|Name||No||Yard No||Builder||Laid down||Launched||Comp||Fate|
|Дубровник [Dubrovnik]||1585||Yarrow, Scotstoun, UK||6/1930||12.10.1931||5/1932||captured by Italy 17.4.1941 (Premuda)|
|Displacement standard, t||
|Displacement full, t||
111.1 pp 113.2 oa
3.58 mean 4.10 max
|No of shafts||
2 sets Parsons geared steam turbines, 3 Yarrow boilers
|Power, h. p.||
|Max speed, kts||
4 x 1 - 140/53 Škoda, 1 x 2 - 83/52 Škoda M.29, 2 x 2 - 40/64 Škoda, 2 x 1 - 40/64 Škoda, 2 x 1 - 15/80, 2 x 3 - 533 TT, 40 mines, 2 DCT, 2 DCR (10)
|Electronic equipment||presumably hydrophone|
Ordering first rather large combat ship, Yugoslavian Navy was guided on newest French leaders and made following demands to design: moderate dimensions, high speed, considerable endurance, especially made a reservation, that armament should be delivered by Škoda: Yugoslavia and Czechoslovakia were included into "Small Antanta" block. As possible builders British and French firms were considered, but French shipbuilders have refused because of their obligatory condition to install French guns. From designs offered by British shipbuilders White and Yarrow, latter has been chosen, contract was concluded 4.8.1929. Three sister-ships were supposed to be built on Yugoslavian wharfs, but for the various reasons it was necessary to refuse it. On set of technical data Dubrovnik was closest to French Contre-Torpilleurs and consequently she was frequently classified as destroyer leader, but structurally corresponded to contemporary British destroyers. All artillery was delivered by Škoda. Main guns were developed on the basis of British 140mm/50 Mk I guns, but differed by increased bore length. It was necessary to refuse fifth guns because of big weight (15t with a shield). The original design, possibly, under influence of construction of Dutch destroyers, provided presence of seaplane platform, but then it have refused in favour of twin 83.5mm/55 AA gun. On Dubrovnik Yarrow boilers with a lateral arrangement of fire chambers and superheaters (20.3atm) for the first time were installed. Main 42000hp Parsons turbine units were supplemented by separate 900hp Curtiss unit for cruising. On six-hour trials ship shown 37.2kts at 48500hp, and in 1934 in Adriatic she made 40.3kts.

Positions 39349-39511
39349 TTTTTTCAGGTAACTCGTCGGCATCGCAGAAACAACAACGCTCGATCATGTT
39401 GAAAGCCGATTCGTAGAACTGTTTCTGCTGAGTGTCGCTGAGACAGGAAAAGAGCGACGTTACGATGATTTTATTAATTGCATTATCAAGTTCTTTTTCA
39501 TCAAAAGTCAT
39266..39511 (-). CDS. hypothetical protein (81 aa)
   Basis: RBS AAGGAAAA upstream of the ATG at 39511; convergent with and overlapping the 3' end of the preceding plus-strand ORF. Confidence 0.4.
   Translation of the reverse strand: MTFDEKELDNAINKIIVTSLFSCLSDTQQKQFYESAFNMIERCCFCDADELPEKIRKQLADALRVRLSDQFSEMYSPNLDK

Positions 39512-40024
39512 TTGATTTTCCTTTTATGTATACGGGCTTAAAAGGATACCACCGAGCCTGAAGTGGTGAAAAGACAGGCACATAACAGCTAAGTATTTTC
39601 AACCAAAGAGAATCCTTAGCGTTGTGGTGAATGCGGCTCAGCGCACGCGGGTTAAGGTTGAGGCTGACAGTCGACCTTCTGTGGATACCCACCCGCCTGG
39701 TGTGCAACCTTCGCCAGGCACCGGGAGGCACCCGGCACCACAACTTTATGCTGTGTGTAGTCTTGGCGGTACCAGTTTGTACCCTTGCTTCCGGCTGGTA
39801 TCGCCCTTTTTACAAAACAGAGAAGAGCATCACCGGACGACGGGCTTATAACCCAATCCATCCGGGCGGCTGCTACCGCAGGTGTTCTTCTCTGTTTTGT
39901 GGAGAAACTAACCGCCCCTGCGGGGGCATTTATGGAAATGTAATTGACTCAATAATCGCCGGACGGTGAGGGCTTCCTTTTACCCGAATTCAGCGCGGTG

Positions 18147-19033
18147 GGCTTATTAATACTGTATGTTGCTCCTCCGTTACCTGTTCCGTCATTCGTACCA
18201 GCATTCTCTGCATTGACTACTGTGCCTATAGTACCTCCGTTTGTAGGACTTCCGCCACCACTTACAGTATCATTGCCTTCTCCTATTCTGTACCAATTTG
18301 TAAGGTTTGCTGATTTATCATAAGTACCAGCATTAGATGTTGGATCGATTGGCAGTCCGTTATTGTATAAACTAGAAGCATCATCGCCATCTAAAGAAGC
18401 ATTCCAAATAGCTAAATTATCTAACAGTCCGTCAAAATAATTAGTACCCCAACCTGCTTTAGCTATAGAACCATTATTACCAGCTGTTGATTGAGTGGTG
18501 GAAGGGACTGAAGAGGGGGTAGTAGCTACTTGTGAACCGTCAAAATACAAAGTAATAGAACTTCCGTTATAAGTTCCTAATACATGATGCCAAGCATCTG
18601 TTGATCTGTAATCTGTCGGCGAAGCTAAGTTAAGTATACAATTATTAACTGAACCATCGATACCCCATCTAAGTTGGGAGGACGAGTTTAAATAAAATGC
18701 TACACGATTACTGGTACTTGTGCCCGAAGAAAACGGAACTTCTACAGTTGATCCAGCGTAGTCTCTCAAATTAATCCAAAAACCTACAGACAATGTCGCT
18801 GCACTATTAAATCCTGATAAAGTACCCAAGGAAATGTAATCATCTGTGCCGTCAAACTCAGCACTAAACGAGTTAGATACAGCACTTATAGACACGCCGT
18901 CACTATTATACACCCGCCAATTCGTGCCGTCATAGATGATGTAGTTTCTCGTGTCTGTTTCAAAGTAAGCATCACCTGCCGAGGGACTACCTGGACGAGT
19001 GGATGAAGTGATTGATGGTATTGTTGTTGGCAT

17.4.1941 Dubrovnik was captured in Kotor Bay by Italian troops and 25.4.1941 commissioned by Italian Navy as Premuda. 9.9.1943 she was captured by German troops at Genoa and commissioned by Kriegsmarine as TA32. 24.4.1945 she was scuttled at Genoa.
Many thanks to Wolfgang Stöhr for additional information on this page.